Saturday, December 3, 2011

Chapman Kelley's Memoirs - Chapter 1

     Admin's note:

     On May 2, 2011, the Council for Artists' Rights sent an eblast telling of their choice for U.S. museum director of the decade:  Maxwell Anderson.

     As you may know, Anderson will be the next director of the Dallas Museum of Art beginning in January 2012.  And in a subsequent letter, CFAR recommended to the DMA's internal search committee and its contracted NY executive search firm that they choose someone most like Anderson to fill the position.  We are are extremely happy that Anderson has accepted the challenge to be the DMA's next director.

     Anderson's piece, "A Clear View:  The Case for Museum Transparency" so well elucidates his views, that the eye of the entire art world will be on Dallas.  The same museum conflicts are troubling many if not most art museums in the U.S.

     The art history of the transitional years in Dallas, what the late Robert M. "Mac" Doty called a renaissance--including a museum becoming the worst run in the country--has been hidden.  We have asked Chapman Kelley, a veteran of those crucial years, to shed light on that era by writing his memoirs.  It will be enlightening for everyone interested to know the true history.  Many will be watching developments made under the leadership of Anderson.

And now, the first installment of Chapman Kelley's memoirs....


     I have led a very interesting life during challenging times. As a result, beginning literally decades ago, I have been urged to write my autobiography. Now seems to be the appropriate time because it will also contain, to my knowledge, the only true history of Dallas' art community during the 1950s, 1960s and 1970s.

     This memoir is for the many people who have so generously supported me and the other image makers who truly give of themselves to make the world a better and more beautiful place. 

     In 1985 and 1986 I lectured by invitation on my Wildflower Works at Harvard's Graduate School of Design, the Museum of Fine Arts, Boston and at the museum's professional school.  Robert M. "Mac" Doty attended the lecture. At the time, Doty was the director of the Currier Gallery (renamed Currier Museum of Art) and former curator of the Whitney Museum, NY.  Soon after the lecture, I visited with him at his home in New Hampshire.  Doty was very familiar with Dallas' art world during the 1950s, 1960s and 1970s.  He considered it to be in the midst of a minor renaissance.  He felt that my professional life as a painter had begun so early and at such a top level in both Dallas and New York that I could and should promise to reveal the disastrous deterioration the U.S. art world had taken by the 1980s.  Since my roles included painter, art dealer, art teacher, art collector, and having been so very fortunate personally--I promised to do it.  In an effort to be accurate I have since then probably read a book a week.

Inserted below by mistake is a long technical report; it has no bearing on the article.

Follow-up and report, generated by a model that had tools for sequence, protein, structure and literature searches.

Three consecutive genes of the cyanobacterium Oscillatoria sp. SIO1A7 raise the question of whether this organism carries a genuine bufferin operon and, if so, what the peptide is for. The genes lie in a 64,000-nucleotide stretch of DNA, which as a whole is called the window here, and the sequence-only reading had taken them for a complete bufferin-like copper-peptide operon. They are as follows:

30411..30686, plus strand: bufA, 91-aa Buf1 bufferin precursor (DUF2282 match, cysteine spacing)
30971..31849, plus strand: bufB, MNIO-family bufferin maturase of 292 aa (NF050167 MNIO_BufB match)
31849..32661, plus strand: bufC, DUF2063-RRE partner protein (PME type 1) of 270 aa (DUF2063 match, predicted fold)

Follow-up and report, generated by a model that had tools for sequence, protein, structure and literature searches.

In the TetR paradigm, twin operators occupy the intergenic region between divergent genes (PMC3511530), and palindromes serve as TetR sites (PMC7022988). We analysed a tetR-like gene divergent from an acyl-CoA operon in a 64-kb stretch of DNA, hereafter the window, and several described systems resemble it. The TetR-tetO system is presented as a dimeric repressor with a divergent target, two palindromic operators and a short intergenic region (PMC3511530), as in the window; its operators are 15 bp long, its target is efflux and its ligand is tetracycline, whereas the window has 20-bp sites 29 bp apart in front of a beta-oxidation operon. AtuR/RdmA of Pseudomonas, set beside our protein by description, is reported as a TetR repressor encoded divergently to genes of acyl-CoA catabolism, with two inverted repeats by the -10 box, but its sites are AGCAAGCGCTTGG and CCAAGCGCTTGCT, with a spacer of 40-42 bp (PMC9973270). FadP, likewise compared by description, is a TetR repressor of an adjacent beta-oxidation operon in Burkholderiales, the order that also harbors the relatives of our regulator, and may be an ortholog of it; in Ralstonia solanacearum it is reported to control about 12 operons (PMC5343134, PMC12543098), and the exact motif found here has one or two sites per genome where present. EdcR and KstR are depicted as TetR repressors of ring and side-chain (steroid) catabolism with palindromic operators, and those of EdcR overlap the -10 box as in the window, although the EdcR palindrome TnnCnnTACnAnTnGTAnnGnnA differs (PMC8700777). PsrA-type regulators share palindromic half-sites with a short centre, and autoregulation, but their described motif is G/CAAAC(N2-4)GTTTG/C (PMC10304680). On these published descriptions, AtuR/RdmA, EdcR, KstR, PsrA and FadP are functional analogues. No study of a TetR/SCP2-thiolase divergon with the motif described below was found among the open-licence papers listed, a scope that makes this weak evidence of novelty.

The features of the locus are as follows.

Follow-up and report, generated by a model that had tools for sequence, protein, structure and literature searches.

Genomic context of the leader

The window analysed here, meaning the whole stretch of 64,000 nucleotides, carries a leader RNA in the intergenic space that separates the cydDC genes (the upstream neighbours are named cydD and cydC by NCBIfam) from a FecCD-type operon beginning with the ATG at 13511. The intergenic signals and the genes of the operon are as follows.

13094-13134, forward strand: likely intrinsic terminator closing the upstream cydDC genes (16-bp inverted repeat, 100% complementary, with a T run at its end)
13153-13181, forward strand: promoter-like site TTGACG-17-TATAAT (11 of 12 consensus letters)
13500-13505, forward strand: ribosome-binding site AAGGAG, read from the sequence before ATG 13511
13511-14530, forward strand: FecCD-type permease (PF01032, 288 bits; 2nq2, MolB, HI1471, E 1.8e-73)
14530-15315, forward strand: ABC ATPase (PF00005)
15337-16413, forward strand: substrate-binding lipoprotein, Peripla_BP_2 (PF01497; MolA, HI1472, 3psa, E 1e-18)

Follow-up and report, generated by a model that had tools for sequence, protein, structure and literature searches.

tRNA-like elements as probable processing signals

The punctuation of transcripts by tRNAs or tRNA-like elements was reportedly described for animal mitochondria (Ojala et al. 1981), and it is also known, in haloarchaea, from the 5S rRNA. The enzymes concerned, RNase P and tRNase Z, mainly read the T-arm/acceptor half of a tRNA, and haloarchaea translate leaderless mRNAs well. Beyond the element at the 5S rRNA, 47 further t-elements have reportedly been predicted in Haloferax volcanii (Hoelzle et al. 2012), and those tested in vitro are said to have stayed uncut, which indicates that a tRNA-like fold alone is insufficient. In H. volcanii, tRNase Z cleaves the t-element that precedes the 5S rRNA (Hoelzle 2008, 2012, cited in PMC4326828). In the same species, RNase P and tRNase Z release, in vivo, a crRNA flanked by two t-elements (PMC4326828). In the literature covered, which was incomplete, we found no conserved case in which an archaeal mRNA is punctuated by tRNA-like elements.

I was born the third of eight children to Ruby Victoria Sloane Kelley and Ralph Payne Kelley on August 26, 1932.  My family has some very interesting white Anglo Saxon protestants--some very famous, rich and influential; my great-great Uncle, American frontiersman Christopher Houston "Kit" Carson (1809 – 1868), a great-great grandfather, Robert Kelley, and my great-great-great grandfather, Dr. James H. Lyons, (1805–1881) three-time mayor of San Antonio including once at the end of the Civil War, respectively.  Most of my relatives gravitated to the field of education.

     Shortly after my birth my father was offered a one-fourth ownership for $100.00 in the newly created Frito Company; Frito Company evolved into Frito-Lay and is currently a division of PepsiCo Inc.  Instead, he opted to be its first independent distributor.  He did very well with his own sales company, but obviously would have done better as part owner. 

     We were raised in a large white brick house with a few acres on a hill overlooking San Antonio. Our household included live-in servants, and a menagerie of pets.  I raised registered Persian cats. Up until high school I was very athletic with riding horses, playing center on the football team, pitching on the baseball team, running on the track team, boxing and wrestling.  My father was my coach.  My two older brothers played in the high school band and I did also but before I was in high school--the E-flat alto saxophone.  So to this day I enjoy good music, particularly opera but also classic, folk, rock and jazz and the area consuming my interest is classical music.  I have the radio tuned to it around the clock, each day.